Robin Deaves of Blaxlands Ridge named Senior Volunteer of the Year

Friends for life: Robin Deaves with her "ladies" - senior residents she bonds with and helps keep socially-active through her volunteer work with Parramatta Council. Picture: Supplied

Friends for life: Robin Deaves with her "ladies" - senior residents she bonds with and helps keep socially-active through her volunteer work with Parramatta Council. Picture: Supplied

"They're like family to me," said Robin Deaves of Blaxlands Ridge when describing the "ladies" she brings together for social gatherings.

She is a volunteer with Parramatta Council and this week her work was recognised for enduring not only for 16 years but through a tough year for our elderly residents.

Mrs Deaves, 77, a widow, was named Senior Volunteer of the Year at the regional North West Sydney NSW Volunteer of the Year Awards, run by the Centre of Volunteering, for her fantastic work keeping older people connected in the community.

She runs single-handedly the council's Care Volunteer Team that lessens the sting of social isolation for around 15 senior residents of the Merrylands and Guildford regions.

Before the COVID lockdown, Mrs Deaves was driving 50 kilometres a month - picking up residents from their homes - to facilitate group activities at various clubs in the Parramatta area.

She won the award for demonstrating outstanding leadership skills and displaying genuine compassion, respect and understanding of the vulnerable population she works with.

Mrs Deaves said the ladies had become her friends and she was calling each of them weekly - chatting with some of them for upwards of an hour - since COVID gripped Sydney.

"They look forward to my phone calls," she said. "I get a lot out of the work I do. They're just like family to me now and I join in with them."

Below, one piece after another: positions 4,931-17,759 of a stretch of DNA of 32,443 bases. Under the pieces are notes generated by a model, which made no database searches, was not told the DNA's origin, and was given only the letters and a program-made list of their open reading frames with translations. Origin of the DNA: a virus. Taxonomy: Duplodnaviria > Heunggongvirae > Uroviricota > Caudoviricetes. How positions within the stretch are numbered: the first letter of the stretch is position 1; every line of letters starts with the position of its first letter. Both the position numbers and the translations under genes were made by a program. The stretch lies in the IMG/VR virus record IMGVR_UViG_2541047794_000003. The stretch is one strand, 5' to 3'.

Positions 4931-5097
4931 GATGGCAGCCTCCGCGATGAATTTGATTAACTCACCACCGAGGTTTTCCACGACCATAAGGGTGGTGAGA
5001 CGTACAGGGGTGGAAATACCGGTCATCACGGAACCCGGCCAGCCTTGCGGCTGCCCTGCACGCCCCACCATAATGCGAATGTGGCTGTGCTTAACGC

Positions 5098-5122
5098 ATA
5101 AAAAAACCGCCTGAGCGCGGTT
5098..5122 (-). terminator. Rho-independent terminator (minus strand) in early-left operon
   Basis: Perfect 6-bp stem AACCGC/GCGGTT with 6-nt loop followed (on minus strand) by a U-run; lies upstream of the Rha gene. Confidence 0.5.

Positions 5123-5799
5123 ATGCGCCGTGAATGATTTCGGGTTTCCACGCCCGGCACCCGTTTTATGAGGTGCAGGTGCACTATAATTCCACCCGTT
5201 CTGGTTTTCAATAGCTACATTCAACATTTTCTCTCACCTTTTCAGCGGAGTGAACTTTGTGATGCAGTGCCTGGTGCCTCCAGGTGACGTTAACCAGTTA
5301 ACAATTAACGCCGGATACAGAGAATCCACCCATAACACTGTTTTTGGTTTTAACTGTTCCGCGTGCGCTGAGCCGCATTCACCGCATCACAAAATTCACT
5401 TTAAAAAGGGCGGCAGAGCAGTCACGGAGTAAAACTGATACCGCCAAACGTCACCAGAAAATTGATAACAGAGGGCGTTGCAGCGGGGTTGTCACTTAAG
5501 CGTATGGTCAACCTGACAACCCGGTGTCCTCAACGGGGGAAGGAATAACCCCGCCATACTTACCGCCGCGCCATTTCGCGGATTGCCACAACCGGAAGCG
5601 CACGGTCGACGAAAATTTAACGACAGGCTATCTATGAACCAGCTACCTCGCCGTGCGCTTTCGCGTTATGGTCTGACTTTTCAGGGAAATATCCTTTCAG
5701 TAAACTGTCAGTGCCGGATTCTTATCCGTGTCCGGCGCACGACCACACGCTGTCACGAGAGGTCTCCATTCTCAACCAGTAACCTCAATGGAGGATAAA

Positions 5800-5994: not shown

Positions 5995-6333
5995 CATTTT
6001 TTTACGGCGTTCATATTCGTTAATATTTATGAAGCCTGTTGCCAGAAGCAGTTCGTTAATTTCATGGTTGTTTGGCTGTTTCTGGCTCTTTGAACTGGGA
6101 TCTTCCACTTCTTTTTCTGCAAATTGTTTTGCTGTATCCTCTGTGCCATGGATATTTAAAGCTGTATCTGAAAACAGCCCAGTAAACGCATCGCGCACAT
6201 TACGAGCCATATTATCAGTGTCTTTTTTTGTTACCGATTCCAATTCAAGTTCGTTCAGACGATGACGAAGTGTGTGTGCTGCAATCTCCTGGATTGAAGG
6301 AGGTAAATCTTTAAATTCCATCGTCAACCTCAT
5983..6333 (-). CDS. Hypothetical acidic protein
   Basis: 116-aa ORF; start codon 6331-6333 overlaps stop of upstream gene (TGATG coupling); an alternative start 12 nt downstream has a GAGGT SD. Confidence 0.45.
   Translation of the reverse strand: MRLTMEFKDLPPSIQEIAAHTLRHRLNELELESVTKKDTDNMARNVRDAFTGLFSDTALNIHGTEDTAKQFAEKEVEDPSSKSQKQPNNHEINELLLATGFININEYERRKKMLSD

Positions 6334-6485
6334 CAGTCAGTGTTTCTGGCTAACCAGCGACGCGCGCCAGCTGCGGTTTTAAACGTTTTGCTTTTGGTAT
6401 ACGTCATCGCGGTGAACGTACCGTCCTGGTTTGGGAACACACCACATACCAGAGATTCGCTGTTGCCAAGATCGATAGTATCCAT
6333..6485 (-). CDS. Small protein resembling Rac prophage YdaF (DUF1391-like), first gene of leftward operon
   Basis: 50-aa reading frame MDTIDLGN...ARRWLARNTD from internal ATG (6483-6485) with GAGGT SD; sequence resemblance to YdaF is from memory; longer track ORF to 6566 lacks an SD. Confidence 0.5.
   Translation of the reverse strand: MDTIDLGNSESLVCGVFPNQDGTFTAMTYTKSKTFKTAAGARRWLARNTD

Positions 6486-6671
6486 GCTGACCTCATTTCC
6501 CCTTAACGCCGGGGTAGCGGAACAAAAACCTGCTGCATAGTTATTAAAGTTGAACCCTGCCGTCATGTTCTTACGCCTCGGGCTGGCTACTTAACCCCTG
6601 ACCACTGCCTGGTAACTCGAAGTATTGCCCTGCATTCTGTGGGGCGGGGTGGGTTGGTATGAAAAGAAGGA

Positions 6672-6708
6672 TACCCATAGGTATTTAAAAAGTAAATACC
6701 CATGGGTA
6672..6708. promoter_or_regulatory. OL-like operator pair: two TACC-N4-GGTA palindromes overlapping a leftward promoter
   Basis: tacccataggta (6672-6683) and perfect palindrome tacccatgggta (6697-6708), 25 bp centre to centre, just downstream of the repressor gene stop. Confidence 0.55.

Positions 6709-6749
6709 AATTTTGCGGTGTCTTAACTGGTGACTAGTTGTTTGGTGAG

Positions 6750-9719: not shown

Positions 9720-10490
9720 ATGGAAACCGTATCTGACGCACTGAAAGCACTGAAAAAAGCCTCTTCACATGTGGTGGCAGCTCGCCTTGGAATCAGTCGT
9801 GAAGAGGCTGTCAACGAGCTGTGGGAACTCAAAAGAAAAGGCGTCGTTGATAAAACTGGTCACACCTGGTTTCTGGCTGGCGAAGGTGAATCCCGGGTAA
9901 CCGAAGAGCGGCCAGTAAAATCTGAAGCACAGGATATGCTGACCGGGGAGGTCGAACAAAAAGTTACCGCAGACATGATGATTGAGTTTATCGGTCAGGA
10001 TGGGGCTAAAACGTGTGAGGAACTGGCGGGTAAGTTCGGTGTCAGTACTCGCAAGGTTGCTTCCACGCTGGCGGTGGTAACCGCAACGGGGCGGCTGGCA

One of the twice-monthly outings the group used to look forward to was Morning Melodies at Merrylands Bowling Club. They also attended the Merrylands RSL Club and had morning tea.

"We'd get the ladies tea and coffee and put it in front of them with a scone. We used to have artists come and entertain them for over an hour, singing, telling jokes, they used to love it and I did too," Mrs Deaves said.

"Hopefully we'll get back to it soon."

The Centre for Volunteering CEO, Gemma Rygate, said volunteers had continued to "dig deep" to support their communities during the past 12 months.

"In many cases they've had to find totally new ways of volunteering through the pandemic, but they've never given up, they've worked around it and shown enormous resilience," Ms Rygate said.

NSW Minister for Families, Communities and Disability Services, Alister Henskens, said: "Volunteers are everyday people who do amazing things for their community, and I am inspired by them devoting their precious time and energy to benefit others."